Through bad management and through being pioneers in so many areas - John, Paul, George and Ringo were ripped off at every turn - and the biggest thief was their home and native land.
The taxes in Great Britain at the time were staggering and at one point in the late sixties, the Beatles were in a 96 percent tax bracket. 96 percent. And that's precisely why George Harrison wrote the song "Taxman."
For most of their careers, while they were the Beatles, the band actually worked for nothing more than to pay back taxes, and it got me to thinking.
How bizarre that a huge business or corporation like The Beatles could do so much for the economy of their country yet they were literally robbed by their government.
Meanwhile, the Royal Family, which does absolutely nothing for Great Britain, or anybody else for that matter, lives tax free.
The Beatles paid 96 percent while the Queen and her band of inbred wankers pay nothing. Tell me that isn't perverse.
Again, the book was written in completed in 1982 but that doesn't matter because since 1982, obviously Beatles history has not changed.
I don't have this on the strictest of authourity, but it looks like "Interac" is coming to Tim Horton's.
I went to my local Timmy's this morning and the two people in front of me tried to use their interac cards and were abruptly don't they weren't accepted.
This has always bewildered me. Given today's almost cashless society, it seems odd that Tim Horton's wouldn't offer this service up until now.
I've asked several times why they don't accept interac but I've never received a concrete answer. It's run the gamut from the administration is a needless expense, to having people swipe cards and push buttons would hold up the already sizable lines on a day to day basis, to not wanting to bother because most receipts are below three dollars and who the hell doesn't have three dollars in their pocket.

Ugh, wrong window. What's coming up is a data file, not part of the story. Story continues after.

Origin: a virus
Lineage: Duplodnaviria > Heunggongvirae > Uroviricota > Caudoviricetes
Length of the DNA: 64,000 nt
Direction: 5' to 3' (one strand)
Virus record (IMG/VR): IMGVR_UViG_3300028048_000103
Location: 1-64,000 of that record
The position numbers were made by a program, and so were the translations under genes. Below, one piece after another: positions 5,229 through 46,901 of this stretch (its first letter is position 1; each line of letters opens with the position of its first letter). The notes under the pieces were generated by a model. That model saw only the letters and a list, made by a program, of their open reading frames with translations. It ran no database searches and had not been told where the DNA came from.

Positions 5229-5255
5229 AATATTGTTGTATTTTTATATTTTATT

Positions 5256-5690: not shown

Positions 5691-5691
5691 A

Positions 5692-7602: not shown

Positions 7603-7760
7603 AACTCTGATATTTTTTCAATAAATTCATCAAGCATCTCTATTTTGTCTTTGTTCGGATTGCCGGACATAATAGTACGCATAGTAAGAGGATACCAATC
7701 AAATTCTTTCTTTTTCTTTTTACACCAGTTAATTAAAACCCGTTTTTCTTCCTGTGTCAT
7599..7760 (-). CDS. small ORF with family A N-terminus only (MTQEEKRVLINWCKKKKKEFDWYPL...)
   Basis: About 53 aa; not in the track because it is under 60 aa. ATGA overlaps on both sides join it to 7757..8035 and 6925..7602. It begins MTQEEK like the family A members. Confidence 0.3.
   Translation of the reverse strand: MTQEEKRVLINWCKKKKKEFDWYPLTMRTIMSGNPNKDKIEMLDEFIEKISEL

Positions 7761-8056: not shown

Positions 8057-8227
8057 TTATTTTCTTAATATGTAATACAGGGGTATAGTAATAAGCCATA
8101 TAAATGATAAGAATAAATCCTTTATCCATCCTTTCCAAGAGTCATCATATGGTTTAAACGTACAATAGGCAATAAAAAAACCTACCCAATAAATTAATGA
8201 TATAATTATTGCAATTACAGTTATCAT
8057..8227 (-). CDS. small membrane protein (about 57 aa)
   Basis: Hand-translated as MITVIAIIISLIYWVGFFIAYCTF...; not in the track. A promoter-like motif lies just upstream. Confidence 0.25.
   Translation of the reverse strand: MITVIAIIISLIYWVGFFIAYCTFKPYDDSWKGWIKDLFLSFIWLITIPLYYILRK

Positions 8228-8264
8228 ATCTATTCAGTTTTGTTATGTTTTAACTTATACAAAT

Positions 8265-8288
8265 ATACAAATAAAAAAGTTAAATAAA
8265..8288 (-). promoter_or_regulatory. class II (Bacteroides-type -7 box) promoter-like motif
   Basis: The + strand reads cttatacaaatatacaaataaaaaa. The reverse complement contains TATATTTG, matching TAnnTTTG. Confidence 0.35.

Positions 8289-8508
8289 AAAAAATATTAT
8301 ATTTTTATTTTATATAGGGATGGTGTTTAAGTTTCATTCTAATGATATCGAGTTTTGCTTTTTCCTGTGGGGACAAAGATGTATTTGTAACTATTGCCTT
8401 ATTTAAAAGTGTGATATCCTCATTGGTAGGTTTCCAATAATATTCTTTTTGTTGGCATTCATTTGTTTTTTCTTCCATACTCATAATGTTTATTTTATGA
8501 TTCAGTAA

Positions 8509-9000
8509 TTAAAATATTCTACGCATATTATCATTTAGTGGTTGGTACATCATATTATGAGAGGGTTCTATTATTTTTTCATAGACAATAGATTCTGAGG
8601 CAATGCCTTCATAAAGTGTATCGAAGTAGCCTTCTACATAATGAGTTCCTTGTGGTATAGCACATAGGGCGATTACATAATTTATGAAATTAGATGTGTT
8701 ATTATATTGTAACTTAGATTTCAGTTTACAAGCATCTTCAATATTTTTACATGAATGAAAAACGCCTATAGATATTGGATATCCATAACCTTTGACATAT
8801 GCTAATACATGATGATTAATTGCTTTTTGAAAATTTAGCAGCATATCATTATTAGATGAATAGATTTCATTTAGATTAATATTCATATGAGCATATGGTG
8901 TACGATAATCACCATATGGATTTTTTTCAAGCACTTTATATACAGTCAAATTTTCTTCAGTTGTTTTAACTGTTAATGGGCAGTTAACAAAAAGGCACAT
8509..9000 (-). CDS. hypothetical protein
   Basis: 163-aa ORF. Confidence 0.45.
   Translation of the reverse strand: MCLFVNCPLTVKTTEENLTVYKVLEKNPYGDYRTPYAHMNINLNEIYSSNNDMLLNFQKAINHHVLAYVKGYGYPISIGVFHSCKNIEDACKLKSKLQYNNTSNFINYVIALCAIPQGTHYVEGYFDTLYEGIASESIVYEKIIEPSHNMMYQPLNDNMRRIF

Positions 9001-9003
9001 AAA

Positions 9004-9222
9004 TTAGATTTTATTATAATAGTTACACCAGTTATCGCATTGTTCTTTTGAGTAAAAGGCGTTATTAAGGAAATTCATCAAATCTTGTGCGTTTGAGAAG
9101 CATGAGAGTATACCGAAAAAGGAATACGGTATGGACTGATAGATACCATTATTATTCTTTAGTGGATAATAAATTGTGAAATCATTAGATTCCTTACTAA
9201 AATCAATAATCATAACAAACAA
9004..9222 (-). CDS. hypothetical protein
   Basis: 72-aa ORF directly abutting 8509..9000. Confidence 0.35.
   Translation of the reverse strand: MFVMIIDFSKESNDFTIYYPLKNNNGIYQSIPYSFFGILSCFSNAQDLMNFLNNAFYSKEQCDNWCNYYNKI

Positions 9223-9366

Today when I once again asked the lovely young attendant why "Tim Horton's" doesn't accept interact she didn't give me a reason, she gave me a reply.
"We're going to accept them very soon." she said.
"Why haven't they accepted them up until now." was my retort.
"I don't know." she offered.
But I was satisfied. I'm glad Horton's is finally going to accept interac and I look forward to the day they do.
More and more I find myself with less and less cash in my wallet. There's really no need for it. Between using my credit cards to pile up "aeroplan" miles, and using my interact card for most other things, I rarely find the need for cash.
I realize that using interac for small transaction's isn't the smartest thing to do because of service charges at the bank, but when you get into buying lunch at Horton's, or buying several coffees for a group, it sure will come in handy.